Three Key Voicebot Design Considerations

Voicebots pose a number of unique challenges as opposed to text based chatbots. The hardest problem to solve is successfully managing the dialog turn-taking in the conversation. This challenge of turn-taking needs to be considered in the light of other elements like barge-in, background noise, etc. When we as humans have a telephone conversation, there is a sequence of events. We first exchange pleasantries, then we agree on the reason for the call (intent). This is followed by a process of deciding on who goes first, and managing interrupts (barge-in).

The TL;DR

  • Voicebots have the distinct disadvantage of design affordances which are invisible from a user perspective.
  • Small talk needs to be planned for, as users are more prone to smalltalk on a telephone call than a chatbot interface and are in general more verbose.
  • The intent of the call needs to be firmly established at the start of the call. After intent is established, the voicebot needs to take charge of the dialog, this requires accurate intent detection.
  • Barge-in should not be too sensitive and must be triggered explicitly, rather than implicit.
  • Detecting background noise is fairly accurate via an acoustic model and callers should rather be advised to move to a quiet place or call back later. As opposed to trying to cancel the noise.

Small Talk

Small talk is part of our day-to-day conversation process, and generally in conversations there is an introductory small talk section. This is where the user introduces themselves and often states from where they are calling.

Small talk does not need to be extensive, but basic curtesy should be built into the voicebot.

Disambiguation Menus

After small talk, the intent of the conversation needs to be established. This is the same for our human-to-human conversations where intent is established early on and hence-forth underpins the conversation.

The first step is to ask the user to state the reason for their call using only a few words.

This step could be negated if a propensity engine or some kind of business system lookup could be used to glean upfront the reason for the call.

The voicebot needs to take command of the narrative, as will be explained in the next step…however, certainty on the intent is required prior to this step.

The surest way of confirming intent is to make use of disambiguation menus.

Here is an example of how disambiguation menus can be used…say for instance someone calls the mobile operator, and states the their phone was stolen, a subsequent disambiguation menu can be presented. The menu items are all related to a phone being lost or stolen.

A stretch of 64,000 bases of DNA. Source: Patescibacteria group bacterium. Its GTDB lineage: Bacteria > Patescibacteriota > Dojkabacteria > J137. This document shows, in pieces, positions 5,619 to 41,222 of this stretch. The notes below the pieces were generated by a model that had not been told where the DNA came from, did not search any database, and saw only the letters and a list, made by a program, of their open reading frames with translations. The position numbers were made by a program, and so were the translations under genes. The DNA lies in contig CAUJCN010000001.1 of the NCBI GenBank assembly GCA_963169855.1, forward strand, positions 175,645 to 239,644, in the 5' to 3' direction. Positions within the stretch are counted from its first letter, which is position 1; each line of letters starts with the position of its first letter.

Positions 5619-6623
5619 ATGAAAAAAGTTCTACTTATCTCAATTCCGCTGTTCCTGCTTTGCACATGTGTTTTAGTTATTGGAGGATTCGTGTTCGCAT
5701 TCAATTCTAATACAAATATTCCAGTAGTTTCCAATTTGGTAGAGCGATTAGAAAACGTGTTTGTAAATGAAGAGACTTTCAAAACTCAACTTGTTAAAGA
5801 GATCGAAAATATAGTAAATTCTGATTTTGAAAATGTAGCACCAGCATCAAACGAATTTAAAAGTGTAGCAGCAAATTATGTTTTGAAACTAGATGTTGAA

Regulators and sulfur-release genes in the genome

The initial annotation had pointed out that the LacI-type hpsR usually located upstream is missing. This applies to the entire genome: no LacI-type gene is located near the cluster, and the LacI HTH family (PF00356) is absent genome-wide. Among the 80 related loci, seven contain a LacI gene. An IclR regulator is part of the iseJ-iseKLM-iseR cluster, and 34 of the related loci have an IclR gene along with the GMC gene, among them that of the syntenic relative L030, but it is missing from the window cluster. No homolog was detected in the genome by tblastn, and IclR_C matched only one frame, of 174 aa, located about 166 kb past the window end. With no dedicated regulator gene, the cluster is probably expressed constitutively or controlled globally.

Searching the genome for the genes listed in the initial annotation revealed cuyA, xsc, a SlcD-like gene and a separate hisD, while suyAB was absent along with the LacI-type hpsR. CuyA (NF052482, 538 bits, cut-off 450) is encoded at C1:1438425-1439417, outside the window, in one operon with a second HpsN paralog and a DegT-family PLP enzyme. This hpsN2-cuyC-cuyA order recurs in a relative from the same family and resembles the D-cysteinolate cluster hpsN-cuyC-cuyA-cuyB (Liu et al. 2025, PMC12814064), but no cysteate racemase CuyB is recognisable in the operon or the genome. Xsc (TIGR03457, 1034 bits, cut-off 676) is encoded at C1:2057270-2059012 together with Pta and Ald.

Hence the disambiguation menus can be seen as a theme of a collection of intents. The disambiguation menu can ask the user,

Would you like to…
~ Block your line,
~ Blacklist your device,
~ Perform a SIM swap,
or get suggestions for a new device?

An example of how disambiguation is performed within IBM Watson Assistant.

Take Command Of The Narrative

Once intent is clearly established and ambiguity is removed as much as possible, the voicebot needs to take command of the narrative and the dialog turns.

Especially in a domain specific corporate implementation there will be longer customer procedures to navigate, hence a fixed sequence of events the user needs to go through.

Barge in should be explicit and not implicit, as implicit barge-in can lead to random noises, the user coughing, etc breaking the dialog flow and are seen as a barge-in.

An explicit barge-in is often when the user says something which is unrelated to the current dialog turn. At this juncture the user can be asked of they would like to repeat their input, or end the current process and talk about something else…

Acidental Noise Detection

For the process of converting speech into text, automatic speech recognition, an acoustic model can be trained on a sample of customer utterances. Something which I have found in my experience, is that an acoustic model significantly improves the accuracy of transcribing voice to text.

Something else I have found (by accident), was that the acoustic model translated noise in a very specific way. The phrases transcribed for noise were consistent enough to advise the user to move to a quiet spot or call back later.

In Closing

Solving for conversational turn-taking and barge-in will be difficult without elements like:

  • Gesture Recognition
  • Lip Activity Detection
  • Object Detection
  • Gaze Detection
Read more here.

However, making use of the design principles I list in this article will go a long way in improving a voicebot’s NPS, CSAT, containment and problem resolution rate.

https://www.linkedin.com/in/cobusgreyling

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Cobus Greyling

Cobus Greyling

Chief Evangelist @ HumanFirst. I explore and write about all things at the intersection of AI and language; NLP/NLU/LLM, Chat/Voicebots, CCAI. www.humanfirst.ai